REPRESENTATIVE MARK MEADOWS: --when the courts we're going to do it.
REPRESENTATIVE MARK MEADOWS: Joe, it's not true. It-- it's not true.
REPRESENTATIVE JOE CROWLEY: Let me answer the question. He created the situation and now he's saying in order to get-- to take care of these-- these souls who are American citizen--not American citizens.
MAJOR GARRETT: They are not American citizens.
REPRESENTATIVE JOE CROWLEY: They are American in every way. They-- they-- they are cultural Americans. They know no other way of life than being here. They love this country and they want to remain here in the United States. And what the President is saying, in order to do that we have to bill a forty-billion-dollar wall, that you can't drive on, you can't live in, and it's incredible waste of American resources.
MAJOR GARRETT: Hurd, time. We've got thirty seconds, Will Hurd. The obligation is yours.
REPRESENTATIVE WILL HURD: We can do this-- we can do this together.
REPRESENTATIVE WILL HURD: But we-- we have to do this together. We can have smart solutions to border security. And we can solve this problem in a narrow fashion for these dreamers who have only known the United States of America as their home. The good thing is nobody is talking about deporting a million kids. And so we can--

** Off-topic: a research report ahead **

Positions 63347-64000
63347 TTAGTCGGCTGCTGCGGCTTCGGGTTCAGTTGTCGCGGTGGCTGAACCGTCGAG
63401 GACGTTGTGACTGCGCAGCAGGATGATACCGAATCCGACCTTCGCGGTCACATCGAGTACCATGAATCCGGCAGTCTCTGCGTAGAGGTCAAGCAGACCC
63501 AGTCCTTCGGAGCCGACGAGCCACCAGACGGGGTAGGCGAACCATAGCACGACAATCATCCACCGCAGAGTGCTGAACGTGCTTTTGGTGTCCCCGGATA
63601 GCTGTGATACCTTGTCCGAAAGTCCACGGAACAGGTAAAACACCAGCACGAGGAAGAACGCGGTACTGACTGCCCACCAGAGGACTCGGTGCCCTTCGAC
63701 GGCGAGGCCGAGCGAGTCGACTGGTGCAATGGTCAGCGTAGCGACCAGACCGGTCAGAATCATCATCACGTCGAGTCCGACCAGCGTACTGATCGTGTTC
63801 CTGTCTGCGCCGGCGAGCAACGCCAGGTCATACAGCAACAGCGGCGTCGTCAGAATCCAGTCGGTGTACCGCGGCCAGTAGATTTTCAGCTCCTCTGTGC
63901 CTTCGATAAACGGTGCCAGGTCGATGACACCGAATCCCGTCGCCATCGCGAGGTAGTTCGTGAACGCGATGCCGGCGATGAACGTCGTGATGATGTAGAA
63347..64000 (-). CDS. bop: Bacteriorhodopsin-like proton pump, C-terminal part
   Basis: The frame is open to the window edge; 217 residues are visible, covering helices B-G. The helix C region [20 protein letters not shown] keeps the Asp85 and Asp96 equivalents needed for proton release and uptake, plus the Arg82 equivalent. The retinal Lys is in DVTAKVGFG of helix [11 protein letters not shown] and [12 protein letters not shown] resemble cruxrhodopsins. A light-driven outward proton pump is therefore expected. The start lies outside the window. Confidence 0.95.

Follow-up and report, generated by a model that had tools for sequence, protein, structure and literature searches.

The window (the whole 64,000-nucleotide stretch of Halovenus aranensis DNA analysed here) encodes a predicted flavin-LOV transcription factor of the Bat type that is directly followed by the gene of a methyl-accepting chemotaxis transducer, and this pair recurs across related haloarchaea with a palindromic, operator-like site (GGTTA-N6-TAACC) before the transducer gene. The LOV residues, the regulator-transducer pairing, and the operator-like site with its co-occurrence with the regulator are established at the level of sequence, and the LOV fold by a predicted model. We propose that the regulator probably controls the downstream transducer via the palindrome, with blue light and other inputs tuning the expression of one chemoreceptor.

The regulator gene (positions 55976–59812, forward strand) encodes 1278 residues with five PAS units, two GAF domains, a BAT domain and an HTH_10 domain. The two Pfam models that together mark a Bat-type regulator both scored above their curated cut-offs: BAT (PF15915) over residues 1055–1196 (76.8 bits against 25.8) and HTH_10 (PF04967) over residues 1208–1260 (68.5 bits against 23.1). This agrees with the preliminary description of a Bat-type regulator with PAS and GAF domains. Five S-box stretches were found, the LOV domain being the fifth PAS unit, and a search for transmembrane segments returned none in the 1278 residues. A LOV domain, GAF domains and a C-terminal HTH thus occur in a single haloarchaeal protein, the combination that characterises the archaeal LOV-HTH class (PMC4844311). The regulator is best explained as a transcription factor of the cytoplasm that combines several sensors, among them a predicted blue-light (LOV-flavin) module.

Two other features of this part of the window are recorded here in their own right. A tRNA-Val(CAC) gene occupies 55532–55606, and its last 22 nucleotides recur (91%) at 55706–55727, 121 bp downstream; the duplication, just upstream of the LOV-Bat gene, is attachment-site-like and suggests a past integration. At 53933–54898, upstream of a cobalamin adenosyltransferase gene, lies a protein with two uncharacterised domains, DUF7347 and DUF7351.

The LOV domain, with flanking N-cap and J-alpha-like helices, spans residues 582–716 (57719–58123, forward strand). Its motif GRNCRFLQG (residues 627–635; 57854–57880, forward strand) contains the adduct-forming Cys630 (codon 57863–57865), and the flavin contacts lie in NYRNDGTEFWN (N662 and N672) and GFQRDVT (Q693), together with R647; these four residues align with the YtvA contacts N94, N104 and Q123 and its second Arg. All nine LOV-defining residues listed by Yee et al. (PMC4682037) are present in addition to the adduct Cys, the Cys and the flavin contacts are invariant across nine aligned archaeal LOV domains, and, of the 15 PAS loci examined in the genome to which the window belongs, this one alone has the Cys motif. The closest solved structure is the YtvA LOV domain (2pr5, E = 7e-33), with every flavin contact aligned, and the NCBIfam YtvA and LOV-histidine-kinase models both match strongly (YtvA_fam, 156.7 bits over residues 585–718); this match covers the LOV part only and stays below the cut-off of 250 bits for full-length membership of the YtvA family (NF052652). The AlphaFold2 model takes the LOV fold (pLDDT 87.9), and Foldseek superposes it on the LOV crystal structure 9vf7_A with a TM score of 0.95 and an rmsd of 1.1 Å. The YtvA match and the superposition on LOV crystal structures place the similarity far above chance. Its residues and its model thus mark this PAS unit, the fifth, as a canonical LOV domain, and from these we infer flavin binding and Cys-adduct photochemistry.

REPRESENTATIVE WILL HURD: --we can start with that.
REPRESENTATIVE JOE CROWLEY: They are talking about deporting families.
REPRESENTATIVE WILL HURD: Nobody-- nobody who's reasonable.
REPRESENTATIVE MARK MEADOWS: Right. And them, as well.
REPRESENTATIVE WILL HURD: Nobody who's reasonable and who's going to--
REPRESENTATIVE MARK MEADOWS: Well, the President's not being reasonable here.
REPRESENTATIVE DEBBIE DINGELL: I'm dealing with (INDISTINCT) everyday in my district.
MAJOR GARRETT: Debbie, Joe, Will, Mark, first day molly bases.
MAJOR GARRETT: We're going to deal with it that way. Thank you very much.
REPRESENTATIVE JOE CROWLEY: Happy New Year to you all.
MAJOR GARRETT: And we will be right back.
MAJOR GARRETT: Here is just a teeny bit of New Year's advice, listen to The Takeout podcast hosted by CBS News political director Steve Chaggaris and me. New episodes are available every Friday morning on your favorite podcast platform. That's Takeout podcast or you can follow us at TakeoutPodcast.com.
MAJOR GARRETT: And we will be right back.
MAJOR GARRETT: Welcome back to FACE THE NATION. I'm Major Garrett. I'm in for John Dickerson. We turn now to our political panel. Julie Pace is the Washington bureau chief for the Associated Press. Ed O'Keefe covers Congress and politics for The Washington Post, and is a CBS News contributor. We're also joined by Rachael Bade, she covers Congress for Politico. And David Nakamura, White House reporter for The Washington Post, and as am I, a proud graduate of the University of Missouri School of Journalism.
DAVID NAKAMURA (Washington Post/@DavidNakamura): Good.
MAJOR GARRETT: Welcome to you all and Happy New Year.
CROWD (in unison): Happy New Year.